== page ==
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Brik McDill

Of the 21 most gun-violent countries in the world, as measured by gun-related homicides, 17 are in the Americas -- North, Central and South. Interesting fact. Bears looking into. But where do we look to understand gun violence, or any violence for that matter?

A country's laws surrounding gun ownership and use for sure affect the prevalence and incidence of gun violence, with the clearest example being Japan, which forecloses entirely the right of private gun ownership. Death by gun there is barely measureable (11 gun homicides in Japan -- population 128 million -- in 2008). Can a simple causal connection be made from Japan's example that banning guns in extremis will eliminate gun deaths? Well, simply speaking, yes. Make all guns disappear, gun activity of all types disappears. But does that translate to anything transferable to a country like the United States? And, given our Second Amendment, is that option even enactable?

What about a country's national temperament? Is there such a thing? Maybe so. Yesterday's Japanese children (less so today's) were trained toward obedience, harmony, discipline, and conformity with these traits so deeply ingrained anything other was so deeply shameful as to warrant social ostracism, reduced marital prospects, and ruined social and professional opportunities. Japan also was and remains a genetically rather pure and insular country.

What can be said about the national temperament of those countries with the highest gun violence rates? While it is by no means the most gun-violent country, the United States is illustrative of trait-related personality patterns. What traits are grained into our youth? Achievement, individuality, action, success (usually at all costs), self-focus, standing out, competitiveness, hyperactivity, winner takes all, being above and better than the rest, recognition seeking, reward seeking, materialism. We are, additionally, a hodgepodge of ethnicities and genomes with a deeply rooted core of rugged survivalism from our earliest immigrants onward, which by now is both our greatest strength and our greatest weakness. But that's another column.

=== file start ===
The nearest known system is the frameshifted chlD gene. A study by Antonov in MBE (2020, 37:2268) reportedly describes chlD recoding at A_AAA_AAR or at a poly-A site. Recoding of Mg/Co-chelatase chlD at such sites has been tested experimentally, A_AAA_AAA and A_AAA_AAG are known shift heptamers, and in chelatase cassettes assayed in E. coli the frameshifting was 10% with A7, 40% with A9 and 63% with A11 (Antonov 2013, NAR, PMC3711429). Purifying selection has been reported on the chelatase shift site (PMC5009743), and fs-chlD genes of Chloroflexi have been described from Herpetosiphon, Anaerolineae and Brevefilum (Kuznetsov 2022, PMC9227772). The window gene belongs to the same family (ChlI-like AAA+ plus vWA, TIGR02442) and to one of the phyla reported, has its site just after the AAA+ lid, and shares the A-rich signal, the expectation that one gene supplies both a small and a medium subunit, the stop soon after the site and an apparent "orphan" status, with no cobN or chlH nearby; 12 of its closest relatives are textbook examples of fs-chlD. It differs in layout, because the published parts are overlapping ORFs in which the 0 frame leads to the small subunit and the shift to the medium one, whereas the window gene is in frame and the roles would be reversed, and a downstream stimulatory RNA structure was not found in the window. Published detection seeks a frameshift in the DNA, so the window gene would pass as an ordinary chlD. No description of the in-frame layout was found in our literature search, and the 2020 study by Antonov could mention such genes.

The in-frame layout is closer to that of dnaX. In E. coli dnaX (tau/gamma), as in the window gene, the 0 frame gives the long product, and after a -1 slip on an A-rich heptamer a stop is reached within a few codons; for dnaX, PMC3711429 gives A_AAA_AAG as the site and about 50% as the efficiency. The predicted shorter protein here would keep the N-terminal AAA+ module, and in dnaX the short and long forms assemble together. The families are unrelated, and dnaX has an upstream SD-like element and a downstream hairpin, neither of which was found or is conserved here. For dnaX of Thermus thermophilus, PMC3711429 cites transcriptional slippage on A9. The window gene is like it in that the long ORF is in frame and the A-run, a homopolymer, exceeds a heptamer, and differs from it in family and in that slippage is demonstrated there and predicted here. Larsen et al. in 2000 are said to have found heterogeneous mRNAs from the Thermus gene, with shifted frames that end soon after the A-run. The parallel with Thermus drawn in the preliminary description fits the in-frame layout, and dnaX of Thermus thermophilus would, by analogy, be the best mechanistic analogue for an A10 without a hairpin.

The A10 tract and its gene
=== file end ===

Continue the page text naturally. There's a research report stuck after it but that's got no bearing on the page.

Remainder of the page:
Moreover, is the Second Amendment even relevant today? It begins with a qualifying sentence fragment ("A well regulated Militia, being necessary to the security of a free State ...") pointing out the importance of an armed militia, of which at the writing of our Constitution we had none. Our only means of national self-defense (and we were surrounded then by those who would do us harm) were ragtag mobs of barely governable, musket-toting, sharpshooting, untrained, self-sacrificing, state militia volunteers willing to arm themselves with whatever they happened to have at home and, mostly at their own expense, bravely venture into wars under horrifying conditions, in the face of horrific risk, facing the best-equipped and best-commanded armies in the world. And when all was said and done, they'd bested them all; God bless 'em. Thus was the background and setting of the Second Amendment.

It has been argued that Switzerland, the most universally armed and militarily trained country in the world, is also the country most free of gun violence. It has also been correctly argued that in the states where guns are the most numerous, gun murders are likewise the most numerous. A case against stricter gun control laws can successfully be made by pointing out that cities with the strictest gun laws, such as Chicago, are also the cities with the most gun violence. Seems like statistics and examples can be marshaled to make whatever argument one wishes. It depends upon how questions about gun violence are framed and asked, of whom, and in what context.

It seems wisest to look for and at the roots of violence rather than at its form. Violence is a slippery Proteus, changing its form at will and as necessary. Eliminate one, another appears in its place. As we found with the lost wars against alcohol (Prohibition) and against drugs (Nixon's still-running war on drugs), without getting at the root there is no triumph over the disease. And as with Proteus, only when he was pinned down and poked would he reveal the truth, and in so doing be then of help to the victor.

Brik McDill, Ph.D., of Tehachapi, has spent 40 years in private practice in clinical and forensic psychology. Community Voices is an expanded commentary of 650 to 700 words.